Armenia’s Ministry of Labour and Social Affairs stated that the aid consisted of only the most essential goods, including sugar, oil, flour, pasta, salt, milk powder, baby food, and medicines, and would be sufficient only for one or two days. At the time of publication, the convoy was still in transit. 

While officials in Yerevan and Stepanakert stated their expectation that Russian peacekeepers would accompany the cargo through the Lachin checkpoint to Stepanakert, no information was provided on whether this was agreed with the Russian forces. 

Azerbaijan’s State Border Service called the decision to send the aid convoy to the entrance of the Lachin Corridor a ‘provocation’, and warned Armenia against ‘aggravating the situation’. 

A humanitarian crisis has been growing in Nagorno-Karabakh since the Lachin Corridor was first blocked by alleged eco-activists associated with the Azerbaijani government in December, with the region immediately losing over 90% of its daily supply of food and other essential goods from Armenia.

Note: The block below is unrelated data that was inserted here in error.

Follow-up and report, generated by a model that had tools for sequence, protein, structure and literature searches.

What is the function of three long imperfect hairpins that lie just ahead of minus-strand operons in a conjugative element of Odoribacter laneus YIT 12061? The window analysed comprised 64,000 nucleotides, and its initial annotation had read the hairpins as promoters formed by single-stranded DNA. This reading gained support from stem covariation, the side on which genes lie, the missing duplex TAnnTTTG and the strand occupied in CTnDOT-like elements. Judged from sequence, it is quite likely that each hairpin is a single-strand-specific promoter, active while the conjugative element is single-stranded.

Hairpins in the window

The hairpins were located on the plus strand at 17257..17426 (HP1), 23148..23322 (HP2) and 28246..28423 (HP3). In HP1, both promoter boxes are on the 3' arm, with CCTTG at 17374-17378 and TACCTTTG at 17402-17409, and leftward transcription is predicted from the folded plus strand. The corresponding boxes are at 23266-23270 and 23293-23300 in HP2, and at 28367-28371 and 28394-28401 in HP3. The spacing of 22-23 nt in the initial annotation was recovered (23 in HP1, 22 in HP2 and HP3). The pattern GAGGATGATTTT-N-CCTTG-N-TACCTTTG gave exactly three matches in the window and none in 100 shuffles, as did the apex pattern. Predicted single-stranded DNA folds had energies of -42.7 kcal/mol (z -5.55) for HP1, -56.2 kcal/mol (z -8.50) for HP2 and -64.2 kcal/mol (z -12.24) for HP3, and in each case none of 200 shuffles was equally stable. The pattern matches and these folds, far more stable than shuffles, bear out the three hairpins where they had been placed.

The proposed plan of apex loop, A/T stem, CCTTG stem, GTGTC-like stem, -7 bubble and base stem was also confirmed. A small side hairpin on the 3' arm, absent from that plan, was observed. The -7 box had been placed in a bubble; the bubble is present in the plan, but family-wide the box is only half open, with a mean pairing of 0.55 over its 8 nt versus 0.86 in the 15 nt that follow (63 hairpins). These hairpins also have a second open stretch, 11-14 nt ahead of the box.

Since then, only Russian peacekeeping and ICRC vehicles were allowed to pass along the corridor, delivering essential goods and transferring patients to and from Armenian hospitals. 

Existing shortages of food and medicine have significantly worsened since mid-June, when the transfer of humanitarian aid by Russian peacekeepers was banned after a clash between Armenian and Azerbaijani forces. ICRC vehicles were limited to transporting patients, but barred from delivering any goods to the region. 

ICRC access has since been fully banned twice, and both times restored following a meeting between the country’s foreign minister and the head of the ICRC in Azerbaijan. In the second case, Azerbaijan accused ICRC drivers of attempting to ‘smuggle’ cigarettes, mobile phones, and fuel into the region. 

In its public statement on Tuesday, the ICRC called for ‘the relevant decision makers’ to allow the organisation to resume its humanitarian work in the region, and called on both Armenia and Azerbaijan to reach a ‘humanitarian consensus’. 

‘ICRC is not currently able to bring humanitarian assistance to the civilian population through the Lachin corridor or through any other routes, including Aghdam’, the statement read.